The 2014 college football season is going to be one with many questions that may not be able to be answered until the season is in the books, or perhaps two seasons are in the books. The College Football Playoff starts this season with a four-team playoff field and new bowl arrangements that will guarantee one spot for the top-ranked team from the so-called Group of Five — the American Athletic Conference, Conference USA, MAC, Mountain West Conference and Sun Belt. This is a reservation that figures to be within reach for the Mountain West champion more often than not, but nobody will know for sure just how everything will play out until games are played. There are plenty of off-field questions as well as the NCAA is likely to move on to a new era of autonomy for the power conferences, which has conferences like the Mountain West Conference bracing for everything it possibly can.
“There are more questions than answers, ” Mountain West Conference commissioner Craig Thompson said Tuesday at the conference’s media day event, according to the Las Vegas Sun. Fortunately, the conference has been using whatever time is left to prepare for all options. Thompson addressed these concerns with the media on Tuesday, confirming all members of the conference should be prepared to provide full cost of attendance scholarships, but the battle between the haves and the have-nots in college football could continue with the ability to provide unlimited snacks. This is one cost that is more concerning for MWC schools right now.
“It’s not a tipping point, but it is a precarious position because of the unknown,” Thompson said, as reported by Las Vegas Sun. The NCAA has made a change to the rules regarding snacks and supplements for athletes, lifting any restrictions for student-athletes. Some of the larger programs are hopping right on board with this new ability to provide more nutrition to student-athletes. USC was one of the first schools to make the change official, but Mountain West schools are still with each other to determine how to provide for the added expenses for unlimited snacks.
It’s hard to believe that prior to last season, UAB didn’t have a football team for two years. As successful as the Blazers re-launch in the sport has been though, the next step for the program to truly be competitive in the sports landscape might have just happened on the desk of the governor this week.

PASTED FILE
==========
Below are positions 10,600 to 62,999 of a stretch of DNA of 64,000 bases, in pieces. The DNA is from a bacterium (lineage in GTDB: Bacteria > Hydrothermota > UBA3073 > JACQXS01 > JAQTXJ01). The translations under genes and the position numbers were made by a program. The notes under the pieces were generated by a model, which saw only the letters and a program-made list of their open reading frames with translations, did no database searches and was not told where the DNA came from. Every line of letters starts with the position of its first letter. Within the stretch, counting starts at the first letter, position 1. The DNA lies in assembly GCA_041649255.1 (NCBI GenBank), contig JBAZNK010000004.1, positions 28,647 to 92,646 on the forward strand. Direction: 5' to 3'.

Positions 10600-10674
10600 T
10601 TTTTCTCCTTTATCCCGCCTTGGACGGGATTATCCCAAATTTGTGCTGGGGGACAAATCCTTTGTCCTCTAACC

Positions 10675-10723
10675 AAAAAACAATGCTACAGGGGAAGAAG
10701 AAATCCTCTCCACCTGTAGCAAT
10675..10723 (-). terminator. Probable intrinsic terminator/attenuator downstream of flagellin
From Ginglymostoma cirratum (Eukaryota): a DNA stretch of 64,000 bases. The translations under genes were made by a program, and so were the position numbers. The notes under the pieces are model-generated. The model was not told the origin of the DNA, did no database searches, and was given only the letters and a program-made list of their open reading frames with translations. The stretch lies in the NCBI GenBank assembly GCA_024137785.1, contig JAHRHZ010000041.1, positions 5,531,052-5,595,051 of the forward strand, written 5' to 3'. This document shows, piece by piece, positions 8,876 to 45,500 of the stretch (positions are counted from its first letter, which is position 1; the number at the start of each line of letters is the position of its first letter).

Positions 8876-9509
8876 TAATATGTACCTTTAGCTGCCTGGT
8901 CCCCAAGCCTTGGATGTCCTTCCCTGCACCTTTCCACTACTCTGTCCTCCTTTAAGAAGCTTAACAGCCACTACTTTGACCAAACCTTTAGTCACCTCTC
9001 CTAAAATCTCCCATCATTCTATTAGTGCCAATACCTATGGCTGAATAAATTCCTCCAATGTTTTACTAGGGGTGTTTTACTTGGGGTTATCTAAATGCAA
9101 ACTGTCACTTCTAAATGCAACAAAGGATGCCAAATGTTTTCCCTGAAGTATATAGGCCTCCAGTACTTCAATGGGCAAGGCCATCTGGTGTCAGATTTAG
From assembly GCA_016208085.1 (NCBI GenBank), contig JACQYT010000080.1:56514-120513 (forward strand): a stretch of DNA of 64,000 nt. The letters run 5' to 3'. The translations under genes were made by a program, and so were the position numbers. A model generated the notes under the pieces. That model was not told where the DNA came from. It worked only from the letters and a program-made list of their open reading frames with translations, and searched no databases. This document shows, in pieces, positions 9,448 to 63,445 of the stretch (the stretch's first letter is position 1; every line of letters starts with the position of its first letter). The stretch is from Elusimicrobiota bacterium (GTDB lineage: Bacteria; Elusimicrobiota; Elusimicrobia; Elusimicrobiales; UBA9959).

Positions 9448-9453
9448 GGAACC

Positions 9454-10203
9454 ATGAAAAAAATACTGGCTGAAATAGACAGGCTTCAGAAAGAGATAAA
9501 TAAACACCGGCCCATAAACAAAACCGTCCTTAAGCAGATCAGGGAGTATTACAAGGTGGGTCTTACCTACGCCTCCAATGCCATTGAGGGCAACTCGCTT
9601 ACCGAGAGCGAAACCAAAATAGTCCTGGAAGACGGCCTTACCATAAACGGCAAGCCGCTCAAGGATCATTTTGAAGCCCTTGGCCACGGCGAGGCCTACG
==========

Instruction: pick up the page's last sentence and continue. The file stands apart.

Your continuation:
AL.com notes that Alabama Gov. Kay Ivey signed a new tax law for Jefferson County that would provide a significant sum of money for a new UAB football stadium as well as other improvements to the sprawling Birmingham-Jefferson Convention Complex (BJCC) that already houses the arena for the program’s basketball teams.
Though there has been no contractual commitment to build the stadium just yet, the passing of the tax bill to provide some of the revenues needed is one of the first steps local leaders were hoping for. Current plans have the authorities responsible looking at building a 45,000-55,000 seat stadium for UAB football at an estimated cost of $175 million. The school is expected to chip in nearly $4 million a year toward the cost in lease payments.
It’s unclear as to the exact site of the potential stadium but it is expected to be in the downtown area somewhere near the current BJCC complex. It goes without saying that any new stadium, even an off campus such as this one, would be a massive upgrade from the Blazers current home Legion Field.
With the new law out of the way, the next steps appear to reside with local authorities to finalize plans and firmly commit to building the new venue. Construction on the new stadium is expected to begin in December of 2018 once the final green light is given.
Needless to say, UAB football is not only back but it certainly appears better than ever given this recent bit of news.